ויהי ממחרת ויאמר משׁה אל־העם אתם חטאתם חטאה גדלה ועתה אעלה אל־יהוה אולי אכפרה בעד חטאתכם׃
וישׁב משׁה אל־יהוה ויאמר אנא חטא העם הזה חטאה גדלה ויעשׂו להם אלהי זהב׃
ועתה אם־תשׂא חטאתם ואם־אין מחני נא מספרך אשׁר כתבת׃
The next day Moshe said to the people, "You have committed a terrible sin. Now I will go up to Adonai; maybe I will be able to atone for your sin." Moshe went back to Adonai and said, "Please! These people have committed a terrible sin: they have made themselves a god out of gold. Now, if you will just forgive their sin! But if you won't, then, I beg you, blot me out of your book which you have written!" (Exo 32:30-32)
THE MARVELLOUS MECHANICS OF VICARIOUS REDEMPTION!
The Hebrew word for 'atone' in Moshe's proposal to the people of Israel, "... Maybe I will be able to atone for your sins..." uses the word "אכפרה", a word which literally means 'to cover', in the sense of one covering for someone else's transgression or debt. Another related word is "Kippur", as in "Yom Kippur/Day of Atonement."
This type of covering is not accomplished by deleting a debt or a transgression, but by paying it. So Moshe, who at that time was guiltless of the transgression of the Golden Calf, was offering to take upon himself the guilt of the whole ordeal. He was offering to do so not only for the nation of Israel, but for his brother Aaron also I sometimes hear people talk negatively about Aaron and the events that led to the Golden Calf. But Moshe's attitude is the gold standard on the issue, and we should rather take heed to emulate his reaction.
The golden calf event defines for us the idea of redemption by 'חן', a word usually translated as "grace," and often attributed the meaning of "undeserved forgiveness." The truth is that that word may be better translated as "favor", which Moshe certainly had with HaShem (Ex 33:12). The difference with grace and favor, is that "favor" is earned through obedience and faithfulness. Just like a child earns the favor of his parents or teachers by doing that which pleases them, we earn HaShem's favor by our obedience. By the same token, we can lose it by our disobedience. Moshe had earned HaShem's favor by obedience, and Israel lost it by disobedience (Heb 3:2).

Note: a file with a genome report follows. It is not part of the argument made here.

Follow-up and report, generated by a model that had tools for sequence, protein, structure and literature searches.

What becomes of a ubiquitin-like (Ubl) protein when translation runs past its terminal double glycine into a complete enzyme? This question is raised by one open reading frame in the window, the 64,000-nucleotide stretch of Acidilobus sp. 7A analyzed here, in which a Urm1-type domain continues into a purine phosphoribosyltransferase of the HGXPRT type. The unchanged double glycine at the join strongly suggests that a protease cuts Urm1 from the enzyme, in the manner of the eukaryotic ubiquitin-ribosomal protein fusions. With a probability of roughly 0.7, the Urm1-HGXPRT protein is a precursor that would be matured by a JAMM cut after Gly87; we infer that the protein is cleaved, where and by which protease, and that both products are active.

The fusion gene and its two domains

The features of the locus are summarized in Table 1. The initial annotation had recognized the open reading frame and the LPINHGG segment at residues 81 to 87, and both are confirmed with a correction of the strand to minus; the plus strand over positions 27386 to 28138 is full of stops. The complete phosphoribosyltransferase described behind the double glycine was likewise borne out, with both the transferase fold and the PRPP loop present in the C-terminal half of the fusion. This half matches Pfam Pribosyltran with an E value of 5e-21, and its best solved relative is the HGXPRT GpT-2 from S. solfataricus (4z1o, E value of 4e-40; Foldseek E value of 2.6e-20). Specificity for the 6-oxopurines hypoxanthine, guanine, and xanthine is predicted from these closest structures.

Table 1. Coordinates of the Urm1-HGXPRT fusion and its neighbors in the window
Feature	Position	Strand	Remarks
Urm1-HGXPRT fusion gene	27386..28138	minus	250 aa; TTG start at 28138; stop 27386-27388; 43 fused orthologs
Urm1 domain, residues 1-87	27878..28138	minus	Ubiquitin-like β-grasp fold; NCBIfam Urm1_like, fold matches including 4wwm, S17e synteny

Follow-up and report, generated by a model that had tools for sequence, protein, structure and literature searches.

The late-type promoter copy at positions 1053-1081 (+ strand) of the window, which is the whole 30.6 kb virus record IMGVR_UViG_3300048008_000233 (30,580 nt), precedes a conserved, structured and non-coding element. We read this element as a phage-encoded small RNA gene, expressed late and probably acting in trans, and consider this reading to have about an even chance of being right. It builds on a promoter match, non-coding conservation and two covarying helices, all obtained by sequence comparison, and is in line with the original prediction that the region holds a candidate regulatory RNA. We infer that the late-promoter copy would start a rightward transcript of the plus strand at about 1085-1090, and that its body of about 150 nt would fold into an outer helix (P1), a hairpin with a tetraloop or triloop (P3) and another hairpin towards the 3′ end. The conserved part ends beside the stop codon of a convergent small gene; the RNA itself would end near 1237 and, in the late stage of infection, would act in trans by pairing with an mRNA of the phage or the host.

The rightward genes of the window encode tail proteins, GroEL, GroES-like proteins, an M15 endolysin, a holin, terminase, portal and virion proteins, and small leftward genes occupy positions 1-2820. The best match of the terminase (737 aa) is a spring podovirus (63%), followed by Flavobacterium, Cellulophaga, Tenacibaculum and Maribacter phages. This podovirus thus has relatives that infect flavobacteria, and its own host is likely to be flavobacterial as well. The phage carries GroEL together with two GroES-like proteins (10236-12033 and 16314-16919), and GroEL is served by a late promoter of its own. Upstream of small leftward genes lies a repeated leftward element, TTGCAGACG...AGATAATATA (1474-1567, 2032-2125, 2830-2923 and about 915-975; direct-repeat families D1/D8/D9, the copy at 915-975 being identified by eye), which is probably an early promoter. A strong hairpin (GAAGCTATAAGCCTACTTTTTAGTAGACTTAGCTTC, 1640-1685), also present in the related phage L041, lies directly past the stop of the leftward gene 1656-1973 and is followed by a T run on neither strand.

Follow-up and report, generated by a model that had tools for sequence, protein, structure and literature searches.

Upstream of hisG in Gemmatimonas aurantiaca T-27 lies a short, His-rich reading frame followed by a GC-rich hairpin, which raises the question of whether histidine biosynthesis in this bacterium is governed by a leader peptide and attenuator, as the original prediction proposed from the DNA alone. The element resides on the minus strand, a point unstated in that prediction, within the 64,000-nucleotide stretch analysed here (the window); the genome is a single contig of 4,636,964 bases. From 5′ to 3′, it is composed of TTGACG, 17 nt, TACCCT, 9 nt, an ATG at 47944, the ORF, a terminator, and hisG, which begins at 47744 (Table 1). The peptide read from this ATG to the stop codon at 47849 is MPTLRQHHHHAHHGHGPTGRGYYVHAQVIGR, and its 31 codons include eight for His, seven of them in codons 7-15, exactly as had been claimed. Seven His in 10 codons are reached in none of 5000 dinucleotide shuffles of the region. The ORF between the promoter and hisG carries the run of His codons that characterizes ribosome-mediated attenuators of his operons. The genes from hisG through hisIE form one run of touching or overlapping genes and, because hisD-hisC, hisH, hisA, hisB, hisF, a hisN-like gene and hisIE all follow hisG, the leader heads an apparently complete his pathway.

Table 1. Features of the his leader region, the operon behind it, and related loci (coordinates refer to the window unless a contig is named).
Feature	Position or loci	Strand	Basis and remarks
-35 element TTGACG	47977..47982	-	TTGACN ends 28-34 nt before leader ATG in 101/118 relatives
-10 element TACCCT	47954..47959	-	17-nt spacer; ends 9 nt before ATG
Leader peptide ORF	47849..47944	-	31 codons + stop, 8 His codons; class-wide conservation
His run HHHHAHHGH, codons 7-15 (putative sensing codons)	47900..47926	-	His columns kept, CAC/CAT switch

What Moshe did next is at the heart of what any would-be leader for HaShem, any leader in the name of our Master should do. Here is how it went (and the Hebrew is much clearer on this than the English text.)
Favor with HaShem is like credit. Sin is like a debt. That is why the prayer says, '... forgive us our debts, as [in the same manner as] we also have forgiven our debtors. ... For if you forgive others their trespasses [their debts towards you], your heavenly Father will also forgive you, '(Mat 6:12-14). HaShem had previously promised that He would come live among His people and take them to the Promised Land. That was HaShem's marriage proposal and betrothal with Israel. After the golden calf incident, as a groom disappointed at the indiscretions of his wife to be, HaShem called off the wedding.
In the beginning of the text of Moshe's negotiation with HaShem (Ex 33:12-17) for Israel, HaShem already started to refer to Israel as, "Moshe's people." That was bad news!
To this nuance Moshe reminds HaShem that they are "His" people. Then HaShem makes an offer to Moshe. He suggests that He will go "with him" [meaning, not with the rest of the people] to the Promised Land. Now, Moshe could have thought of saving his own skin and tell Israel "Tough luck for you rebels! Bye!", but Moshe doesn't go for the deal.